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EU lobbying under spotlight - 28/10/2009

Lobbyists at the EU parliament © Reporters

Report: Register of interest groups has changed corporate climate.

As part of a wider effort to make EU decision-making more transparent, the commission launched a register in 2008 that is meant to list all interest representatives – a catch-all term for groups seeking to influence policy.

The first annual review of the voluntary scheme found that the number of registered organisations and individuals has reached 2 100 and is rising. Encouragingly, most registrants are organisations, not individuals.

The report notes that some supporters of efforts to regulate lobbyists want registration to be mandatory. But it says that is not warranted given the high rate of participation so far.

In the 1990s many regulatory functions were gradually transferred from individual EU countries to the EU institutions. A flood of lobbyists came with them. By 2000, an estimated 2 600 "interest groups" had set up shop in Brussels.

Commissioner Siim Kallas says the register has changed the commission’s corporate culture. EU officials now think twice about meeting with unregistered interest representatives. And some EU divisions have dropped unregistered organisations from their database or taken similar steps.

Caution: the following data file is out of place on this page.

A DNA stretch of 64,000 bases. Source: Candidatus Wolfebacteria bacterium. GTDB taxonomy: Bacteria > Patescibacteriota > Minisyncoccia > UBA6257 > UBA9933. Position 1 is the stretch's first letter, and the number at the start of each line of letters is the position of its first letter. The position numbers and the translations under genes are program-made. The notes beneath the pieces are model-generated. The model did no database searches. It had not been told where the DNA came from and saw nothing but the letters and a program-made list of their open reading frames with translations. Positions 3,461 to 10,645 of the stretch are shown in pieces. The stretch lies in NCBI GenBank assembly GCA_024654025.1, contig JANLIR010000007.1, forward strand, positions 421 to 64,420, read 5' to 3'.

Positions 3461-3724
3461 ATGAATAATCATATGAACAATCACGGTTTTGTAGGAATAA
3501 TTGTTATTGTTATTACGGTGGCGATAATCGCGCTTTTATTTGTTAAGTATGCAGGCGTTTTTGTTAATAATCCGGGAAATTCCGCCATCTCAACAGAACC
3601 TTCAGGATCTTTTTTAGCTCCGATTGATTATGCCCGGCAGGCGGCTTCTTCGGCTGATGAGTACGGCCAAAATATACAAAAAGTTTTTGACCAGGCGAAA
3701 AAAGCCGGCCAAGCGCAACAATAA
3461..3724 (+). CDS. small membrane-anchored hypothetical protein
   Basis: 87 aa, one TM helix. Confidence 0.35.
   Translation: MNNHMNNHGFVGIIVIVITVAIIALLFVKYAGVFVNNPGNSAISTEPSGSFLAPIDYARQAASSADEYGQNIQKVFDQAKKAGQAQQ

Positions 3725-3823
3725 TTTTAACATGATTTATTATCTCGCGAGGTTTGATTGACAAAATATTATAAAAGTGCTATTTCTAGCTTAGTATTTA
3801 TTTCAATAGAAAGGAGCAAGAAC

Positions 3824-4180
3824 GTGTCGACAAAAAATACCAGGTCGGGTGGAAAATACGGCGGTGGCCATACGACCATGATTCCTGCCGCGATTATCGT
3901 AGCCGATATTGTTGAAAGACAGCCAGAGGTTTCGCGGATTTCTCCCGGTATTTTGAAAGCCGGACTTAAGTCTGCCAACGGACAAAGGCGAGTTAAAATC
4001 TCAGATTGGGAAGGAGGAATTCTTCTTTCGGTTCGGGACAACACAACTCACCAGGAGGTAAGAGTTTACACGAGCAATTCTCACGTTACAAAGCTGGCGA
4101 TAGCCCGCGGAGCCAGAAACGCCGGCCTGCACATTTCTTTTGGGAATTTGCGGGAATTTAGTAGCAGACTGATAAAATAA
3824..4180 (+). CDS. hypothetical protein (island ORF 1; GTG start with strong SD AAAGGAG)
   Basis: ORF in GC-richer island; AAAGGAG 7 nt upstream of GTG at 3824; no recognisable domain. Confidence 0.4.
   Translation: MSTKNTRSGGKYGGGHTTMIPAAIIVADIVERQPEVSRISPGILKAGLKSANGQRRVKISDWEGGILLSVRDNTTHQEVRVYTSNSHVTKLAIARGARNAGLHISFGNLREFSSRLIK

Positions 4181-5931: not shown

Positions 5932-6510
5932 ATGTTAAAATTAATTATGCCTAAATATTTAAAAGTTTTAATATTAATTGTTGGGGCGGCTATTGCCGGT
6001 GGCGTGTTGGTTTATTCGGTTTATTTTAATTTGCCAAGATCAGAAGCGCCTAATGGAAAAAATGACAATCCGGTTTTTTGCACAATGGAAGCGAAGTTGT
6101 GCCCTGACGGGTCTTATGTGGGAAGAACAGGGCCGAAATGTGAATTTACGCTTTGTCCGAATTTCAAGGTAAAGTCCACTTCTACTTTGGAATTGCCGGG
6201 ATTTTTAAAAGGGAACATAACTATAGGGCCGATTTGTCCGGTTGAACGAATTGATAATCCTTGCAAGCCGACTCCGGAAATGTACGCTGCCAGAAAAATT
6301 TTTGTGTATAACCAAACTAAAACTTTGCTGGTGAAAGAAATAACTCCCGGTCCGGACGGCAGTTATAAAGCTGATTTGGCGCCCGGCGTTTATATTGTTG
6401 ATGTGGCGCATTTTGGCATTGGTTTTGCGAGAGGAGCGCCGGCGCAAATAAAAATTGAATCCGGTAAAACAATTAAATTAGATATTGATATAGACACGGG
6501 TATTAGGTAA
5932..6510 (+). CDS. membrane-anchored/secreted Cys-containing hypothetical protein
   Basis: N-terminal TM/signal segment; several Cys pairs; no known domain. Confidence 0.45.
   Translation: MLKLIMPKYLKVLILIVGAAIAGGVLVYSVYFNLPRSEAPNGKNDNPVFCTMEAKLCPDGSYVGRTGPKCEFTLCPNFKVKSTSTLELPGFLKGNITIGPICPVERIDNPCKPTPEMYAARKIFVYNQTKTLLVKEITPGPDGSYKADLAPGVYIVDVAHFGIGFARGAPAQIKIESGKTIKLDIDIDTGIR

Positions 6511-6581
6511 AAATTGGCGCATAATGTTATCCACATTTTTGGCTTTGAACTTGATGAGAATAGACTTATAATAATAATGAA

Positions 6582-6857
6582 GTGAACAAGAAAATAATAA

But not everyone is happy with the register. Many law firms and think tanks have boycotted it. Lawyers worry it violates their rules on client confidentiality, while think tanks say their activities do not count as lobbying. The commission hopes to resolve these issues by clarifying the language in the register and creating a separate category for think tanks. It will also revise the rules for financial disclosure to improve transparency.

Registrants must indicate how much they spend on their efforts and promise to abide by a code of conduct governing their dealings with commission staff. So far just 10 complaints have been filed, with only one resulting in punitive action – a temporary suspension from the register.

The commission now plans to concentrate on setting up a joint register with parliament. The two institutions have already launched a common web-page for accessing their respective registers.

View the register of interest representatives

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